Graph of predicted inflow to Island Park Reservoir

Graph of predicted inflow to Island Park Reservoir in 2019, compared with 2018 and the long-term average.

Graph of predicted streamflow in Henry's Fork at Ashton

Graph of predicted streamflow in Henry’s Fork at Ashton during 2019, compared with 2018 and the long-term average.

Outflow from Island Park Reservoir and resulting carryover

During spring runoff, outflow from Island Park Reservoir is expected to be a little higher overall than that in 2018 because of a better snowpack this year. However, because specific timing of high snowmelt and rain events is very difficult to predict, streamflow on any given day may be lower this year than last during periods when runoff was very high in 2018. As runoff recedes, streamflow at Island Park Dam will drop from about 1,200 cfs at the beginning of June to 700 cfs by the end of the month. Irrigation delivery is expected to begin around July 3, right at average. From then on, because irrigation demand relative to supply in Fall River and Teton River is predicted to be about like last year, outflow from Island Park Reservoir is predicted to be very similar to that in 2018–in the range of 800-1200 cfs most of the summer, with the highest flows occurring for only a few weeks during July. In September, once need for delivery drops and the reservoir can be held at a constant pool, outflow will be about 200 cfs higher than it was last year, because reservoir inflow will be higher.

Reservoir carryover is expected to end up around 110,000 ac-ft (81% full), compared with around 98,000 ac-ft in 2018 (72% full). Higher inflows this year will keep the reservoir level higher, even with outflows about the same or even a little higher than in 2018. At worst (less than 5% chance), the reservoir will end up around its long-term average of 60,000 ac-ft (44% full).

Graph of predicted outflow from Island Park Reservoir

Graph of predicted outflow from Island Park Reservoir during 2019, compared with 2018 and the long-term average.

Graph of predicted content in Island Park Reservoir

Graph of predicted Island Park Reservoir volume during 2019, compared with 2018 and the long-term average.

Benefits of High Reservoir Levels

Research by Idaho Department of Fish and Game, Idaho State University (funded by HFF), and HFF itself dating back to the late 1980s has thoroughly documented the benefit to the Rainbow Trout population by maintaining high volume in Island Park Reservoir. In particular, higher carryover means less water to store during the winter, which leads to increased habitat for juvenile Rainbow Trout in Box Canyon, which leads to more two-year trout entering the population available to anglers the following year. These so-called “recruits” maintain the trout population througout the reach between Island Park Dam and Riverside Campground.  Winter outflow from Island Park Dam averaged 504 cfs in 2017-18 and 560 cfs in 2018-2019, which will lead to strong recruitment in 2019 and 2020. The past two winters have seen the highest winter flow in two consecutive years since 1999 and 2000. Based on current predictions, winter flow next year will again be in the range of 500 cfs, extending the streak of high winter flows to three years.

However, since 2016, HFF’s research and monitoring has documented many other benefits of maintaining a high volume of water in Island Park Reservoir year-round. Including the long-recognized benefit to trout recruitment, these include:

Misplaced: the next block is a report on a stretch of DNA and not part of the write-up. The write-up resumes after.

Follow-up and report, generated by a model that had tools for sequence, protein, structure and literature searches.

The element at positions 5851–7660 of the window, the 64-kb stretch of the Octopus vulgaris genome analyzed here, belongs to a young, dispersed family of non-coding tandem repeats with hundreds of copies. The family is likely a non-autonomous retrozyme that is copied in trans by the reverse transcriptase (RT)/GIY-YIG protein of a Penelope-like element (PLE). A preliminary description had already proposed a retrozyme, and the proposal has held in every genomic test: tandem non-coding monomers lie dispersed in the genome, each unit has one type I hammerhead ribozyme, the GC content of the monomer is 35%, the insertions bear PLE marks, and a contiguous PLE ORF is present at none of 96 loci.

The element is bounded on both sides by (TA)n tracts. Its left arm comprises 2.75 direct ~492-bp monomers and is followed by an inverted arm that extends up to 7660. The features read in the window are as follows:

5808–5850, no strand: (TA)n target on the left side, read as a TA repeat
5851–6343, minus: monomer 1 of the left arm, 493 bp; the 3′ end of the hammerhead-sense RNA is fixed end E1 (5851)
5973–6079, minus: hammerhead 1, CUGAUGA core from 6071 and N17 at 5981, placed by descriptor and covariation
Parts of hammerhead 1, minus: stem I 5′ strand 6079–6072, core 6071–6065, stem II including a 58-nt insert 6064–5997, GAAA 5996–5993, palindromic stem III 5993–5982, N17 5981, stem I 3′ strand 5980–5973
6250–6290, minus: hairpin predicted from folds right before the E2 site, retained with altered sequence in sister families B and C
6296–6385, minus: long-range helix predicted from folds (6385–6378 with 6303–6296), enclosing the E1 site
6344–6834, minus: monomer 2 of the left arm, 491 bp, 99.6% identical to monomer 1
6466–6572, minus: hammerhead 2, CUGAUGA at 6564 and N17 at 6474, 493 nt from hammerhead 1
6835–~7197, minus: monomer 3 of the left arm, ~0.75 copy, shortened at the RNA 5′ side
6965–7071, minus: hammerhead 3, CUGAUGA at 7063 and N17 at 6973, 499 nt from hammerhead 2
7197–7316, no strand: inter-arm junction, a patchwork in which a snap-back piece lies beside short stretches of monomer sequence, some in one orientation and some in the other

• Higher trout recruitment the following year
  • Cooler temperature of water released from Island Park Dam during the summer
  • Lower delivery of suspended sediment from Island Park Reservoir into the river
  • Lower accumulation of sediment in the Last Chance-Pinehaven reach
  • Increased scour and export of sediment in that reach during late winter and spring
  • Higher water clarity during the summer
  • Optimal outflow from the dam (600-1000 cfs) between mid-June and late September
  • Cooler water temperatures in the reservoir itself
  • Lower occurrence of nuisance blooms of algae and cynobacteria (aka “blue-green algae”) in the reservoir

Working Toward Higher Reservoir Levels

Because of the multiple benefits to all aspects of the fishery from keeping as much water in the reservoir year-round, ensuring high levels in Island Park Reservoir continues to be the single-most important goal of HFF’s work. As such, we continue to expand the number of methods we use to meet this goal. In addition to 15 years of collaboration with water users and managers throught the Henry’s Fork Drought Management Planning Committee, these include:

  • Refining predictive models so that water management strategies can be set early in the irrigation season to minimize excess delivery of water from the reservoir
  • Partnering with irrigators to purchase and install modern mechanisms to control diversion and delivery of irrigation water
  • Working one-on-one with farmers to reduce demand for mid-summer irrigation through a variety of methods, including alternative crop rotation schedules and irrigation methods
  • Promoting managed aquifer recharge at times and places where it will provide increased streamflow to the lower Henry’s Fork and Teton River during the summer
  • Conducting research to understand relationships between streamflow and trout habitat in the Henry’s Fork downstream of St. Anthony to identify times and circumstances under which delivery of water from Island Park Reservoir can be reduced in late summer without negative consequences on the lower Henry’s Fork fishery

Even though at first glance most of this work seems to be very far removed from Island Park Dam itself, all of it is aimed at reducing the need for delivery of irrigation water from Island Park Reservoir, and all of it has been added to our programmatic work since the sever drought of 2016.

 

This post appeared first on www.HenrysFork.org. Donate to Henry's Fork Foundation Today!